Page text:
POSTED: April 19 2022
Jobseeker banned from filing tribunal claims

Jobseeker banned from tribunals service

After making more than 40 ‘vexatious’ claims, a man has been banned from using the employment tribunals service.

Mr Taheri was handed a Restriction of Proceedings Order (RPO) of indefinite notice, prohibiting him from making claims against employers without the permission of the Employment Appeal Tribunal (EAT) or the Judge of the High Court.

The EAT found Taheri was engaged in a “weaponisation” of the employment tribunal process, and had a “modus operandi” of applying for a job, bringing a claim against the employer if his applications were rejected, and seeking thousands of pounds in damages. His claims were most frequently brought on the grounds of race, age and disability discrimination. Taheri described himself as being of Iranian ethnicity and had also been diagnosed with prostate cancer.

Just some of Taheri’s claims included:
  • In October 2012, Taheri brought a claim against Orchid Pubs after being rejected from a chef role. The pub claimed he was not invited to interview because of the “pushy and insistent nature” of his emails. Taheri was found guilty of harassment against a member of staff at Orchid, and was sentenced to 28 days of imprisonment and handed a two-year restraining order against the employer.
  • In 2013, he claimed £5,000 against a clothing retailer after he was rejected from a part-time sales assistant role. The retailer claimed he had turned up at one of its shops and had been staring “menacingly” at staff through the window.
  • On 6 November the same year, the president of the England and Wales ET wrote to the treasury solicitor about Taheri, describing how he “seeks thousands of pounds but then writes to the Respondent’s representatives repeatedly (20 or 30 times) demanding settlements of £500, and threatening to hold a press conference”. No formal action was taken as a result of the letter, but Taheri refrained from pursuing other claims for a number of years.
  • On 31 January 2018, he sought compensation of “at least £10,000” after being invited to interview for a sales role at Parkdean Resorts Ltd, and being, in his words, “fobbed off again and again”. The holiday company had written to Taheri informing him that the position was no longer available due to full staffing levels. Another claim to the company for disability discrimination made in 2019 after four unsuccessful job applications was struck out after Taheri failed to pay a deposit of £600.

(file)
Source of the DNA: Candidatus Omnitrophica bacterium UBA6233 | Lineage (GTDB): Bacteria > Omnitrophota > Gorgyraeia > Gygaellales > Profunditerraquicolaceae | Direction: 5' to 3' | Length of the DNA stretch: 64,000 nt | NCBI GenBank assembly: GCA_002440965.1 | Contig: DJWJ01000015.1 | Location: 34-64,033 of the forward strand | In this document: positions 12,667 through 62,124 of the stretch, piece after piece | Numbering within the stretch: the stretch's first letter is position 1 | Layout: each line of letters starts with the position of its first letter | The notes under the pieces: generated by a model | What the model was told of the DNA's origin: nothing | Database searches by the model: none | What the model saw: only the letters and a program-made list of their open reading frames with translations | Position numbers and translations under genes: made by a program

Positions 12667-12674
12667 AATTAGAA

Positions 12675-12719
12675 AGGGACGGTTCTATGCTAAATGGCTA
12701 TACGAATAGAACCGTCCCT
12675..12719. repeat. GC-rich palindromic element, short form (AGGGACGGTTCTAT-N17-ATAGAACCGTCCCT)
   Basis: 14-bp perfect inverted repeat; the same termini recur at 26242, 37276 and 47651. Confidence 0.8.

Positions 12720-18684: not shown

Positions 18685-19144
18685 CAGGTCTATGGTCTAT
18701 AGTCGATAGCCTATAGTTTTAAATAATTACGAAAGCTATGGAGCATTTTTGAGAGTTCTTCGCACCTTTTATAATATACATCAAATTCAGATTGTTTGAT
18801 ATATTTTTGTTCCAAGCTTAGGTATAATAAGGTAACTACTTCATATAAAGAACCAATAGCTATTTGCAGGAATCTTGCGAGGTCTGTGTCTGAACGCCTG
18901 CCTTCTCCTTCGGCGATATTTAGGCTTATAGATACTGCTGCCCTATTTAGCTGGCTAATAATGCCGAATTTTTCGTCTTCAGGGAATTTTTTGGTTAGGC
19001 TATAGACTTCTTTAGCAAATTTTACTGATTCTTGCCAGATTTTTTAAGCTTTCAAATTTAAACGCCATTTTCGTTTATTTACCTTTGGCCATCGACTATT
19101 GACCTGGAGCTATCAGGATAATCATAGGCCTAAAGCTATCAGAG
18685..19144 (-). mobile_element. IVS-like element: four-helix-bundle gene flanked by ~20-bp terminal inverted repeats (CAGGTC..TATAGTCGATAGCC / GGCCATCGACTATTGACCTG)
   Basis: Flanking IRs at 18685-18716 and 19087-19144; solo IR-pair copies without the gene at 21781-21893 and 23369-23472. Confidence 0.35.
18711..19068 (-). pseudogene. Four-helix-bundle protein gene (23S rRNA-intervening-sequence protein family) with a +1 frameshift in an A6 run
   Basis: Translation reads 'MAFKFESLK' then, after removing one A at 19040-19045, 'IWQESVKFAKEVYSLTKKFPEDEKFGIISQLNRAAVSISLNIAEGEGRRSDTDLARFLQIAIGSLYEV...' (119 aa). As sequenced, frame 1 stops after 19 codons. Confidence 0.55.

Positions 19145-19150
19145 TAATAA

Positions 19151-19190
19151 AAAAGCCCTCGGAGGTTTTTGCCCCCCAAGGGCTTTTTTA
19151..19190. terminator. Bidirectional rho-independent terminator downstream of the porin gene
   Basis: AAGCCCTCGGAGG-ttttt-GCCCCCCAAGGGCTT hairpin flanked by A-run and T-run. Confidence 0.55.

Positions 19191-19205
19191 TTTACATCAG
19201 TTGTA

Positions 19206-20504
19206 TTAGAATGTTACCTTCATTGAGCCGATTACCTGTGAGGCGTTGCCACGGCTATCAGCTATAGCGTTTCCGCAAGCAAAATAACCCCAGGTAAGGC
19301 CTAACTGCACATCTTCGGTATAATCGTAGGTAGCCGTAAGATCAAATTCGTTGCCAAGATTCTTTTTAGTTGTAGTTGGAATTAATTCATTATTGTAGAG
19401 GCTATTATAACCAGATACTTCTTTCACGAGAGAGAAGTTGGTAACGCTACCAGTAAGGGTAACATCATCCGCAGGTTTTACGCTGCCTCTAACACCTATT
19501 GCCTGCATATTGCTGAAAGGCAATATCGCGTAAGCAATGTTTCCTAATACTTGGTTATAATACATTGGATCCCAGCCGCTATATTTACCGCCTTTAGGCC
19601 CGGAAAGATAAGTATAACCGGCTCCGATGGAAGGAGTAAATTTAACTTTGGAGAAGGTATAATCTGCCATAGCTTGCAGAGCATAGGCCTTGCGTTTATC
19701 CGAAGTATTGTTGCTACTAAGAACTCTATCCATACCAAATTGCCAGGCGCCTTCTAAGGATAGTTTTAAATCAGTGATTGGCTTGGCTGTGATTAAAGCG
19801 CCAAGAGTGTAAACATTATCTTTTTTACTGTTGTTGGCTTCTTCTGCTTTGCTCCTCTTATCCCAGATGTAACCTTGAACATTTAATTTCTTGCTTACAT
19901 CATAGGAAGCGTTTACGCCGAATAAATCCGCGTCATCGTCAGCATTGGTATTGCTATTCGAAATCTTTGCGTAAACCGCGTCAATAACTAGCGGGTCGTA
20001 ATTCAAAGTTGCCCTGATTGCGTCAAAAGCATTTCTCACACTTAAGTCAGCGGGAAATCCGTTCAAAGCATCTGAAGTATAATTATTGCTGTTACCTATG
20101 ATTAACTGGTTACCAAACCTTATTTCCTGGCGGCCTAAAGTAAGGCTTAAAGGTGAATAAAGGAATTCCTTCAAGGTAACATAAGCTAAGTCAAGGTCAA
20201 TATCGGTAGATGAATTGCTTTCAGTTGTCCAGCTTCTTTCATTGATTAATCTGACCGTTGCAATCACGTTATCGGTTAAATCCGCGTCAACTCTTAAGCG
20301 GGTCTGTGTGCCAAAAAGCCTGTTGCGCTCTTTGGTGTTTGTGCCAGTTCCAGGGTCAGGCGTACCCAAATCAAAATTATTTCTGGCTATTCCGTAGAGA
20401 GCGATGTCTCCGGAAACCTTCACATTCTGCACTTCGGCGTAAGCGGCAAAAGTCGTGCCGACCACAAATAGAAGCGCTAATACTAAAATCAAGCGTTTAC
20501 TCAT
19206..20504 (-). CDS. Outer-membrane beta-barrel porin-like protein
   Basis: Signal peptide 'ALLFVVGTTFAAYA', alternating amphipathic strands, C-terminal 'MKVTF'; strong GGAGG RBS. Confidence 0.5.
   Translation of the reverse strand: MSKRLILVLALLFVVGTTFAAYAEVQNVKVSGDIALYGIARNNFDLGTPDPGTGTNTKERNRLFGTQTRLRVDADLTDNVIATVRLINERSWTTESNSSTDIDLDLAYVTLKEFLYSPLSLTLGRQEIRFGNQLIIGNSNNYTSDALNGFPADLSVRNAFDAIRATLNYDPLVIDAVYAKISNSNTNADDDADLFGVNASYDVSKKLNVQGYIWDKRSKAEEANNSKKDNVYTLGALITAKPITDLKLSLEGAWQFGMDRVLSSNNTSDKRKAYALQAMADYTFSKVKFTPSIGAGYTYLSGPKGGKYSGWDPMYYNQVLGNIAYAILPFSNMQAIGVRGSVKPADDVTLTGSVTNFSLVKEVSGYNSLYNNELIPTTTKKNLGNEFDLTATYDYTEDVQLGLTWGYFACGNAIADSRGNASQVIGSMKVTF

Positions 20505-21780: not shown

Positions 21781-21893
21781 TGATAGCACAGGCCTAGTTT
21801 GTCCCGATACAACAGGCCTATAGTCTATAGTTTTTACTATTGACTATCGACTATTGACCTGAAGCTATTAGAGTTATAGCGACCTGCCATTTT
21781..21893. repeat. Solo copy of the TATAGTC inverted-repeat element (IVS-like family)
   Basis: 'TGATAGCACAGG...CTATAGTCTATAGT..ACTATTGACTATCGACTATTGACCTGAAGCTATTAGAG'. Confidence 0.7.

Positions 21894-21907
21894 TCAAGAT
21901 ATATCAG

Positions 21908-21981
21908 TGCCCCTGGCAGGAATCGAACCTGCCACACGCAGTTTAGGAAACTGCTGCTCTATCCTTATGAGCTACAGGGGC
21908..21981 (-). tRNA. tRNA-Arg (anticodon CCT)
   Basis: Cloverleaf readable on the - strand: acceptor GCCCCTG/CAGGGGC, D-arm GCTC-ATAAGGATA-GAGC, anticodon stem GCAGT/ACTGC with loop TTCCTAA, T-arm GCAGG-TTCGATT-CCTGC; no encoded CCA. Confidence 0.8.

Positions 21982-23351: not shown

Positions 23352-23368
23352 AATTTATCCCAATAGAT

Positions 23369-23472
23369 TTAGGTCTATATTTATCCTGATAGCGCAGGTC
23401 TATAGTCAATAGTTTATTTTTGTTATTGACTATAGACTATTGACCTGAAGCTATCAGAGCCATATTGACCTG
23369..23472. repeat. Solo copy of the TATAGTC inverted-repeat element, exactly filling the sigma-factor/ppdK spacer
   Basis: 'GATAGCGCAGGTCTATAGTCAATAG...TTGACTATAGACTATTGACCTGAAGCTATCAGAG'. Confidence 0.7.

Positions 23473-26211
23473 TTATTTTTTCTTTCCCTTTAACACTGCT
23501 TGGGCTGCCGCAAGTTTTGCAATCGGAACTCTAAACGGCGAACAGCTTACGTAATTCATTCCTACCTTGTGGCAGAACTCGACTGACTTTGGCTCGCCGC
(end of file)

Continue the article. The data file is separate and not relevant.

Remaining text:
• On 28 February 2018, Taheri lodged separate claims for £25,000 of damages from both Stoneacre Ltd and Wilson and Co. Motor Sales Ltd. The claim against Stoneacre was settled on 10 April, and the claim against Wilson and Co was withdrawn after Taheri failed to attend a preliminary telephone hearing.
  • On 28 February 2018, he also lodged a third claim of £25,000 after being rejected from a sales role at Perry Motor Sales Ltd. The employer described how he had been “overbearing” during an initial group exercise, and had emailed threatening litigation unless he was invited to another interview. The claims of age and race discrimination were later dismissed and Taheri was ordered to pay the company £1,000.
  • On 13 December, he claimed £50,000 for age discrimination after being turned down for a sales adviser role at Virgin Media Ltd. After receiving a rejection letter from the employer, he had replied stating “this is is disability discrimination”, copying in “BBC Watchdog and Acas”. The claim was struck out after he failed to pay a £750 deposit.

In 2018 Taheri filed a claim every month, except August. He attempted to secure “at least” £485,000 of compensation from 17 different employers. Taheri argued that since February 2021, he had “only” three claims outstanding; however the EAT commented that three claims was “not an insignificant number”. The tribunal ruled that he had “used the ET process to put pressure on would-be employers to enter into low-value settlements” and “habitually and persistently brought proceedings without any reasonable grounds”, causing would-be employers “inconvenience, harassment and expense out of all proportion”.

It’s clear that some of the affected employers sought to “buy off” Taheri out of court for smaller sums of money, “rather than incur legal fees of defending it”. Employers affected by vexatious claims that wish to do this can apply for the case to be struck out, or ask for a deposit order to be issued to the claimant. In this case, Mr Taheri refused to pay a number of deposit orders made against him and so the proceedings were discontinued.

Taheri could not be contacted for comment.

Original article here.